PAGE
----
Sunday, April 25, 2010

Procreation as contraception

“We’re not going to have any kids. It’s final, that’s the decision,” our friend Colleen said as we strolled around our neighborhood. She braced herself for the ensuing argument. People with kids are always trying to pressure their childless friends into having babies, most likely because certain emotional states seem to love company.

“Are you going to get a boat instead?” I asked.

As I understand it, the payoff for not having kids, besides the millions of extra hours of sleep, is that you get to have a boat. Also, you get to live your entire adult life without having the term “urine-soaked” apply to you.

Though she might have been expecting one, Colleen wasn’t going to get an argument from us. Back when Kara was pregnant, we used to work on our friends, saying, “Aw, come on, have one!” like we were offering them a Chiclet. But now that we’ve lived through the first ten months of parenthood, we’d never dream of pressuring anyone else into it, even those, like Colleen and Chris, who would be primo parents. The decision to upend your life and permanently pause your video games needs to come from you and your partner alone, not from those who might be looking to score an occasional playdate out of the transaction.

Of course, this doesn’t stop random passersby from asking me and Kara when we’re going to have another baby, which seems a lot like walking up to someone as they crawl out of the smoking wreckage of their overturned vehicle and asking, “When are you gonna do that again?”

“Not anytime soon, I hope,” you’d reply, in either situation.

We’ll get around to expanding our family eventually, and I don’t mean to imply that parenthood has been a bad experience. Sometimes, it’s been terrible. Most of the time, terribly rewarding.

For us, having a baby is like this: There’s a restaurant on the Jersey Shore that gives you a free T-shirt if you can eat an entire XXL pie by yourself. Several years ago, Kara agreed to go there with me and two of our guy friends on the condition that she could order just a salad. We all agreed, and then pressured her into getting a pizza anyway.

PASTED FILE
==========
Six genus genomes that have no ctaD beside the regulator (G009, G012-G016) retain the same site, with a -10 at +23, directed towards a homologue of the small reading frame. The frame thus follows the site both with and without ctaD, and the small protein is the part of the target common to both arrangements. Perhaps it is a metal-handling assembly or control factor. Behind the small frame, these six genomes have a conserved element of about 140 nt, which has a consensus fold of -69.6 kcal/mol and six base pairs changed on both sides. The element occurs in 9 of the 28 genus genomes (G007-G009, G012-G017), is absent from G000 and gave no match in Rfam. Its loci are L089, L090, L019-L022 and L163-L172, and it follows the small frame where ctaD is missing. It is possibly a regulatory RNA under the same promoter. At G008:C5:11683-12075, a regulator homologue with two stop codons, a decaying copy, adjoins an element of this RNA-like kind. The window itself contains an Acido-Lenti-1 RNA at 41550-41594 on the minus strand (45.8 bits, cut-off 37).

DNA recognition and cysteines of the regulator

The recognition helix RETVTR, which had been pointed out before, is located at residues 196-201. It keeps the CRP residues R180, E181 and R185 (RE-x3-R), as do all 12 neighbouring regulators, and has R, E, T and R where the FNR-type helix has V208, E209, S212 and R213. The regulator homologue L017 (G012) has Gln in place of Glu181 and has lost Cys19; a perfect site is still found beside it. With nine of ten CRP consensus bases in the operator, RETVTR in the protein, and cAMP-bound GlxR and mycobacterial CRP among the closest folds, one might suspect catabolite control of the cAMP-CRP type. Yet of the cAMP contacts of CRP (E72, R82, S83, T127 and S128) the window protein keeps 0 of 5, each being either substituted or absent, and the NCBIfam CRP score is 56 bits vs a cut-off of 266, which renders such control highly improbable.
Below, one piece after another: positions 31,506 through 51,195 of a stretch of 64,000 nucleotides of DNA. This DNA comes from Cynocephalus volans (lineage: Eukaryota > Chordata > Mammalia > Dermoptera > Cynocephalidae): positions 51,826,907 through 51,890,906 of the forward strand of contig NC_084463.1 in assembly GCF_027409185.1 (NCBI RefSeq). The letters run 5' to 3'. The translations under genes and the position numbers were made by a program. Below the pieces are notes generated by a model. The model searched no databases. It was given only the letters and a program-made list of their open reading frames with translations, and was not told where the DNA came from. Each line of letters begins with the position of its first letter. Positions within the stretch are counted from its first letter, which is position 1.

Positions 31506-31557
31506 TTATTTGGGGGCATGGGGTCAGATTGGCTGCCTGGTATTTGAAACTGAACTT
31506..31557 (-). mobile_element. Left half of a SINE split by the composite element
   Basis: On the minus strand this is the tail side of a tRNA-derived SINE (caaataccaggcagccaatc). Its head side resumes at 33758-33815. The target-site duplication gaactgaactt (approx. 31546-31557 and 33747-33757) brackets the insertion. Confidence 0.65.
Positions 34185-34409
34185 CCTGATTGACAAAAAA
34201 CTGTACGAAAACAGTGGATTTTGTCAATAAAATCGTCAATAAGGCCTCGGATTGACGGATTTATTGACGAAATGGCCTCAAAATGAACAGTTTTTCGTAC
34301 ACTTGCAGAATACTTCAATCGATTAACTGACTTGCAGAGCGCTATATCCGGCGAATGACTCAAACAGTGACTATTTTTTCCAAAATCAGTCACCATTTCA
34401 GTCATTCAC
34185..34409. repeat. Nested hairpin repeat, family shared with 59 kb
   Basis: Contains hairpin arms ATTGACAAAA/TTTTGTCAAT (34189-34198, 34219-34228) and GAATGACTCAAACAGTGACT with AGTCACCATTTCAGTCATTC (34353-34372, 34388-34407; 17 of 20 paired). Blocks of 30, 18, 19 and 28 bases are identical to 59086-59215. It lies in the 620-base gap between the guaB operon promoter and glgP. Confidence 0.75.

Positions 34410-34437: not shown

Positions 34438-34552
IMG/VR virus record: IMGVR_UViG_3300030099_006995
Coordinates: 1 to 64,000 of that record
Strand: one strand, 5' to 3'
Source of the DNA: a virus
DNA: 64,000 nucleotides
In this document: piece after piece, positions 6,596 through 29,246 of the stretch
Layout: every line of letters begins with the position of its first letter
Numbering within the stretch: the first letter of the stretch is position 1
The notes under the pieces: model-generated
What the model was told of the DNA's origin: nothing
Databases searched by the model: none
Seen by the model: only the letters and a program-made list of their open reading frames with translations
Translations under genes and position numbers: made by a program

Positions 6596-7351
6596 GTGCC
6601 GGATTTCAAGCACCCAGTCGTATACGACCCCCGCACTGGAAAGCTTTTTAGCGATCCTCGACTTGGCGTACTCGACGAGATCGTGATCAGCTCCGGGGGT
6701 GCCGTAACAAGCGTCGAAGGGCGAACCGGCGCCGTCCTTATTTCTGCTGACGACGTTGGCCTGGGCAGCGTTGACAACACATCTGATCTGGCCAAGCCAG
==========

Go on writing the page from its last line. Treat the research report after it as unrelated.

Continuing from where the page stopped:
“We’ll help you out down the home stretch. We promise,” we lied.

With our three plates clean, and half a pie remaining on Kara’s plate, the three guys just stared at the table, trying not to make eye contact. We just couldn’t eat any more of that pizza.

That’s how Kara and I both feel about having another baby right now. We just can’t eat any more of that pizza, not yet.

“I just wanted a stupid salad!” Kara says every time I wear my awesome T-shirt.

Several of our friends are standing at the edge of the gene pool and deciding that it’s doing just fine without their contributions. Colleen and Chris were visiting us with another couple last weekend, who also floated the possibility that they might not have kids.

“Oh, can we go to a place that has a bar in the pool?” one of them said, as they planned the trip the four of them are taking to Cancun this summer. Poor, poor childless people.

“It’s gotta be a place that doesn’t allow kids. I don’t need all the ruckus while I’m trying to relax,” came the reply, as our son Evan banged spoons together in the next room.

Then Kara and I entered the room, and everyone fell silent.

“Sorry, we started talking about it when you weren’t here,” they said, looking like they’d been caught eating sundaes by their lactose intolerant friends.

Among his many powers, Evan has rendered our passports completely useless. Unless one of us makes a break for it.

You can sail away with Mike Todd at mikectodd@gmail.com.

3 comments:

  1. Parenthood is the toughest job you'll ever love.

    Those that are childless, are in 2 categories...the ones that long for children, but are unable to have them and those that are in the selfish, "it's all about me" category, and remain childless by choice.

    Neither group will experience the joy of the first "I love you mommy/daddy", the heartbreak of sending them off to their first day of school, and all the in-betweens.

    If I could do it again, I would....well, except for the potty training part, but to re-experience that, we're just getting a puppy.

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  2. Yeah, boy, it is tough, and we do love it. Our friends have good reasons -- medical and otherwise -- for not having kids, but think of all the money they'll save on paper towels alone.

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